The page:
Another Canuck to watch: Anton Rodin (more on him here), who should play somewhere in the top-9 for the Canucks. Turning 26 later this year, Rodin is not really considered a prospect anymore. But he won the Golden Helmet award as the Swedish Elite League’s most valuable player last season with 37 points in 33 games, although his season ended early with a knee injury.   

In the same game, Stecher’s more heralded North Dakota teammate Drake Caggiula (more on him here) also impressed me with his speed. I think he would be more likely to be a regular NHLer on another team than the Oilers, who are stockpiled with young talent up front. But we’ll see how training camp plays out. If Caggiula makes the Oilers, he could be someone to target in deeper leagues, particularly if he finds the right linemates.

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Here’s some current preseason action of interest as well. I’m focusing on a few players in potential training camp battles below, as opposed to mentioning that fantasy studs like P.K. Subban and Taylor Hall scored for their new teams (which they did).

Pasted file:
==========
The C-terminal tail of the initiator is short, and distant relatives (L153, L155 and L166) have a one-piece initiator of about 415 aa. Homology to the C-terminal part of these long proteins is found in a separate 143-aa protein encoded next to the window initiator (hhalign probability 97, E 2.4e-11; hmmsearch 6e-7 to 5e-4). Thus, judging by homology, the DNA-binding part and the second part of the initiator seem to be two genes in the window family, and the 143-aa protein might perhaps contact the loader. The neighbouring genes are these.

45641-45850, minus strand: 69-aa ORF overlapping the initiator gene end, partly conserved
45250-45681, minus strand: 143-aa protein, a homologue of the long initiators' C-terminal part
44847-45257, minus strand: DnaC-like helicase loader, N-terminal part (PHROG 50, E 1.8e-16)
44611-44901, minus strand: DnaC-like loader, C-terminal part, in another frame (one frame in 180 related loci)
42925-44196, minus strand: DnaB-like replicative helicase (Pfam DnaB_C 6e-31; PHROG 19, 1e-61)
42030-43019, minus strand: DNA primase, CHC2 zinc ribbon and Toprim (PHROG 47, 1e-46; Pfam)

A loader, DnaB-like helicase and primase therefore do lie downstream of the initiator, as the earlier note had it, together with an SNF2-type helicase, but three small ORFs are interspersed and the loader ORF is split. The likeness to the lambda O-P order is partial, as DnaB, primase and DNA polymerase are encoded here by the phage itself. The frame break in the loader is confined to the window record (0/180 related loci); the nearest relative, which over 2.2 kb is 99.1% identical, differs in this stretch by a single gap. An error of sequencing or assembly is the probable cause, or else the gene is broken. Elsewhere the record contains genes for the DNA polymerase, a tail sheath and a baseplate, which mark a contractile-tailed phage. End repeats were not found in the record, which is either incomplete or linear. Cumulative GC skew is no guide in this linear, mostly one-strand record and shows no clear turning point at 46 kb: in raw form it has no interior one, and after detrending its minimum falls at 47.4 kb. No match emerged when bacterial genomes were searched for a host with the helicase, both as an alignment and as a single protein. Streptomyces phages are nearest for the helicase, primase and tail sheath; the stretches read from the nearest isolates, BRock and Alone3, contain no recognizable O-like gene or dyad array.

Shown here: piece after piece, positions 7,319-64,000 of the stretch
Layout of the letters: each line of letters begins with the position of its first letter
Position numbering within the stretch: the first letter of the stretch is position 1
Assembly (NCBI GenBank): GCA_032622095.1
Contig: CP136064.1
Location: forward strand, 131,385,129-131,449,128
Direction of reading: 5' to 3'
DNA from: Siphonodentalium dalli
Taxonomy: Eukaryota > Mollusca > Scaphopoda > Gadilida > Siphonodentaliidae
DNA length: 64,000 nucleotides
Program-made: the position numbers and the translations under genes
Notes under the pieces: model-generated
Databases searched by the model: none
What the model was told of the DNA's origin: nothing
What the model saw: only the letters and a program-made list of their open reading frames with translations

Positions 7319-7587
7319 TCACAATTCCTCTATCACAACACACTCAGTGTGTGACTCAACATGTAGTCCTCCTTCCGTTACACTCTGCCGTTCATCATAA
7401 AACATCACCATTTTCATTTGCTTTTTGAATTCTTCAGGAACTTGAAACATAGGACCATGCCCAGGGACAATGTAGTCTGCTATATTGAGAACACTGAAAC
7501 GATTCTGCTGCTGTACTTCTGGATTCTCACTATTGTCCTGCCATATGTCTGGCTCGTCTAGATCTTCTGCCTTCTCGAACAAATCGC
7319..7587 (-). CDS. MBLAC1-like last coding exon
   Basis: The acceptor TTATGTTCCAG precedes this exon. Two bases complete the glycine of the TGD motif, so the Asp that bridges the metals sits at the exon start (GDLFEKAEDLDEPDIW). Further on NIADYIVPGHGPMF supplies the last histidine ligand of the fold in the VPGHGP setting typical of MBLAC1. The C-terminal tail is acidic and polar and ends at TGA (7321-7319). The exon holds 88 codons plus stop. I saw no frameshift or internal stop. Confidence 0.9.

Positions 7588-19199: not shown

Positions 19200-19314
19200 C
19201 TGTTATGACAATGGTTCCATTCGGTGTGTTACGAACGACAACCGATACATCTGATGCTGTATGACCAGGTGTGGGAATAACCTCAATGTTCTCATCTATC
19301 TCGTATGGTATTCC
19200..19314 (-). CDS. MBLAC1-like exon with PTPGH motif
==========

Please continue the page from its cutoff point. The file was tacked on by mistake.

David Pastrnak scored two goals and added an assist, playing on a line with new Bruin David Backes, who recorded three helpers. Also worth mentioning: Danton Heinen (more on him here), who is battling for a roster spot with the Bruins, scored again, which is his third goal of the preseason.

In New Jersey, Beau Bennett (remember him?) scored twice, while Pavel Zacha scored a goal and added an assist. I’ll say that Zacha makes the Devils this season (at least I’m hoping he will, because he’s on my keeper team).

Also for the Devils, Yohann Auvitu (more on him here) recorded three assists from the blueline. Damon Severson still has the inside track to be the Devils’ power-play QB, but strong skater Auvitu (listed as both a defenseman and a left wing by Cap Friendly) is making things interesting. Keep in mind that Auvitu was the top defenseman in the Finnish Elite League last season.